Minions: The Rise of Gru is Universal Pictures’ #2 highest grossing film of 2022 next to Jurassic World: Dominion, and it is a big reason why Universal has grossed more money than any other studio in 2022 so far.
However, it seems like China is taking a major exception to the film’s ending, and is opting to change it for moviegoers in their region. For those who haven’t seen the film yet, Minions: The Rise of Gru takes place in 1976, focusing on an 11-year-old Gru (Steve Carrell) on his route to becoming a supervillain.
Gru receives the invitation of a lifetime when he is invited to try out for the Vicious 6, who are looking to find a new member after they betrayed their founder Wild Knuckles (Alan Arkin). After being rejected by the group for being too young, Gru steals the Zodiac Stone and is now on the run from both the Vicious 6 and Wild Knuckles as they look to regain the Stone, which possesses great power.
In the international version, the film ends with Gru and Wild Knuckles riding off together after Knuckles faked his own death to evade capture. Apparently, Chinese censors were not happy with the bad guy winning in the end. In the Chinese version, there is an addendum by censors showing that Wild Knuckles, a main character in the heist film, was caught by police and served 20 years in jail.
It also states that Gru, a co-conspirator of Wild Knuckles, “returned to his family,” and “his biggest accomplishment is being the father to his three girls”.
This is not a rare occurrence in the country of China, where movies are routinely censored, or outright banned in an attempt to fit them with Chinese social standards.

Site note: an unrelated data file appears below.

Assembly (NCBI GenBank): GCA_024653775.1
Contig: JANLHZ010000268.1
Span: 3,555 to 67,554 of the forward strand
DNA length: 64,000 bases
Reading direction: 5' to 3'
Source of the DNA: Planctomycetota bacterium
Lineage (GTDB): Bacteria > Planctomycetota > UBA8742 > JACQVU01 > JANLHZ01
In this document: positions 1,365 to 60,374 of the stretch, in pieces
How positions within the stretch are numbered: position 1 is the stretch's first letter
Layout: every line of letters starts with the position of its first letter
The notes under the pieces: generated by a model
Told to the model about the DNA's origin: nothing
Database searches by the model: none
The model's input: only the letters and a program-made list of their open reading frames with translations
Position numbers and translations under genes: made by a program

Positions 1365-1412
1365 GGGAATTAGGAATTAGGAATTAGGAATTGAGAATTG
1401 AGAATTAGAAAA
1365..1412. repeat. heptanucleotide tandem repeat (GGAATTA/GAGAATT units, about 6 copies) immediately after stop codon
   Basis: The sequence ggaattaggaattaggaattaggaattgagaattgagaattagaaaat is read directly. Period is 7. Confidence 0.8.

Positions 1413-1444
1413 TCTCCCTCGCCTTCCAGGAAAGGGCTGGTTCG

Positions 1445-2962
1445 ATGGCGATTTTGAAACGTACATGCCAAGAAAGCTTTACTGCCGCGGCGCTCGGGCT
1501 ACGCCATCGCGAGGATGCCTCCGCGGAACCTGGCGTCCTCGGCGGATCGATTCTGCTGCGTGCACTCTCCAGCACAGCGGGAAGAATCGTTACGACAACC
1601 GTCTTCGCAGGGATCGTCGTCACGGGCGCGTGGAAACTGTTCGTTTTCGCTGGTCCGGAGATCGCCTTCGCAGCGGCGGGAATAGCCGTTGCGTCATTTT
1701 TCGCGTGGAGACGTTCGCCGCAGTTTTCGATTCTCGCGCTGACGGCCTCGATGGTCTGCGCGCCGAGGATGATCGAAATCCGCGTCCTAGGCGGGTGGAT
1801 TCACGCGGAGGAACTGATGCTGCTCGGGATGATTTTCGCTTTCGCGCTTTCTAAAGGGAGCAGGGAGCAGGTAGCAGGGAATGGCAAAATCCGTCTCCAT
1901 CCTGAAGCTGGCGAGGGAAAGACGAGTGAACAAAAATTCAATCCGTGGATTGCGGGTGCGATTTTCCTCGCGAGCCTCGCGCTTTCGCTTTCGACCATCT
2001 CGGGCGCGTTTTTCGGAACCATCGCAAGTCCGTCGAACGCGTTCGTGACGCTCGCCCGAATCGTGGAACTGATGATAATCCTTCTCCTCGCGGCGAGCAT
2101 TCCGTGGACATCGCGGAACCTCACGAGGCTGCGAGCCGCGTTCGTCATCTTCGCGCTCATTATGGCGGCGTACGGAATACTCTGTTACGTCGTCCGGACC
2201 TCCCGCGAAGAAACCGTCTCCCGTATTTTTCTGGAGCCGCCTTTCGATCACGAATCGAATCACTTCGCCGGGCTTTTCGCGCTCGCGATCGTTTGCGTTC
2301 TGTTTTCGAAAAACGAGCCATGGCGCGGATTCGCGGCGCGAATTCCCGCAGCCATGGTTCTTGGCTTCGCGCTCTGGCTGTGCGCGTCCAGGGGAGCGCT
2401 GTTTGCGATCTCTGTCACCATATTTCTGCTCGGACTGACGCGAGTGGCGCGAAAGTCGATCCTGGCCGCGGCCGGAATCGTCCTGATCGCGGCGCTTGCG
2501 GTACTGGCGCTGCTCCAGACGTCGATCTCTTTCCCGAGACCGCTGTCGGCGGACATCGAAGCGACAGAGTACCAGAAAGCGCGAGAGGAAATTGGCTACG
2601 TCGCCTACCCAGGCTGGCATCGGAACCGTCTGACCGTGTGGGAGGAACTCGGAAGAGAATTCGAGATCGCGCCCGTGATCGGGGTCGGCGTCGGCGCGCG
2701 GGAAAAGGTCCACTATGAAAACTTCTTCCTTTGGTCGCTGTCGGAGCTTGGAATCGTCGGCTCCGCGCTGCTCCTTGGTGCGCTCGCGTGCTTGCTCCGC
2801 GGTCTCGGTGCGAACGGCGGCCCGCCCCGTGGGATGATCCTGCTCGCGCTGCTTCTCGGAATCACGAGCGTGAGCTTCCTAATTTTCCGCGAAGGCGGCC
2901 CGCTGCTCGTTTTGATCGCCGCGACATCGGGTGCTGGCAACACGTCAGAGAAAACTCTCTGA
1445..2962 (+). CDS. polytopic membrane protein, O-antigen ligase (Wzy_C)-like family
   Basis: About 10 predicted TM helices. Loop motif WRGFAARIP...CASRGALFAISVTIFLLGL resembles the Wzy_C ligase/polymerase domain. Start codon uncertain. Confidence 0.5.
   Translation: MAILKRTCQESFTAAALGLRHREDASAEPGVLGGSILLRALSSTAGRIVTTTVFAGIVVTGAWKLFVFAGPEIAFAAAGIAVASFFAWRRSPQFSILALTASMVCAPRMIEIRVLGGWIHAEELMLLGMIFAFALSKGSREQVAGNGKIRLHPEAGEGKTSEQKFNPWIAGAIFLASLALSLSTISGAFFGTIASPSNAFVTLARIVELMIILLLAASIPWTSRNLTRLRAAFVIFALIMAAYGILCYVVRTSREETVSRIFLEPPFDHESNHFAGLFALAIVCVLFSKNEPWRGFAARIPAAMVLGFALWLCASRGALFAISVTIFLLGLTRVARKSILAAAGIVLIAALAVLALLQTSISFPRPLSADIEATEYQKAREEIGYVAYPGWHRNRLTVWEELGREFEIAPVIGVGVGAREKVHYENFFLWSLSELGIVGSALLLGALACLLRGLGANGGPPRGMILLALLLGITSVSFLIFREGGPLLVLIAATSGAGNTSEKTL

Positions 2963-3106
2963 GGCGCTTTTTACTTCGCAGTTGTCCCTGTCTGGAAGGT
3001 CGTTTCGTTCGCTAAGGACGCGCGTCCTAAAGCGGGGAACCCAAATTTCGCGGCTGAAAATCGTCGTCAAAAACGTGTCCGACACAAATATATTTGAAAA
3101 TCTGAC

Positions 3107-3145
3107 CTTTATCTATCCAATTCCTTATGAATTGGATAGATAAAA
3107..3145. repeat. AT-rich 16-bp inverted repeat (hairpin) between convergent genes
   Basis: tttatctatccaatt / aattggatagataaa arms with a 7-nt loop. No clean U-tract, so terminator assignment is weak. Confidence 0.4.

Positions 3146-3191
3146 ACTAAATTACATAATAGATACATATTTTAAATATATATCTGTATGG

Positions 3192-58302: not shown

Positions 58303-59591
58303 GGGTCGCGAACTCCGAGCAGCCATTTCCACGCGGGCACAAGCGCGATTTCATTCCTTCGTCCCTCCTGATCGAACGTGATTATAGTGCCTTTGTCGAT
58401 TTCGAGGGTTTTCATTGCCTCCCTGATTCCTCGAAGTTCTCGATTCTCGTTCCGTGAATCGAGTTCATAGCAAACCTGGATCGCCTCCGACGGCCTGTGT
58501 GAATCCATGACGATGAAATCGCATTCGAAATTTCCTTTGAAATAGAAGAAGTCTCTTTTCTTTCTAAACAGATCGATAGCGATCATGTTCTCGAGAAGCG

The 1999 film Fight Club altered its original ending, in which the protagonist and his alter ego blow up some skyscrapers. This was not in the version shown on the domestic streaming site Tencent Video. Instead, an on-screen script said police “rapidly figured out the whole plan and arrested all criminals, successfully preventing the bomb from exploding.”
The changes were widely mocked among Chinese fans of the original film, and even elicited responses from the film’s director, and the author of the novel it was based on. Tencent later restored the original ending. DuSir, an online movie review publisher with 14.4 million followers on Weibo, noted that the Chinese version of the film runs one minute longer than the international version.
“It’s only us who need special guidance and care, for fear that a cartoon will ‘corrupt’ us,” DuSir wrote in a piece published Saturday.
China has placed a limit on the number of overseas films that can be shown in domestic cinemas. Many Hollywood films that screen in the country have certain scenes omitted, or altered. Foreign films can only be made available in Chinese theaters through a local distributor. The process usually involves an agreement with the production studio, which mandates that “provocative” parts of the work to be altered, or removed.
Earlier this year, Spiderman: No Way Home and its parent company Sony were hit with a request from the Chinese government, demanding the Statue Of Liberty be deleted from the movie’s ending. Sony rejected the request.
Kenny Ng, an associate professor specializing in film censorship at Hong Kong Baptist University’s Academy of Film stated that crime movies in China always conclude with the police beating the criminals. Neither Universal Pictures, nor the Chinese Government have responded to the edited ending of the film.
What are your thoughts on the Chinese Communist Party editing endings to popular films?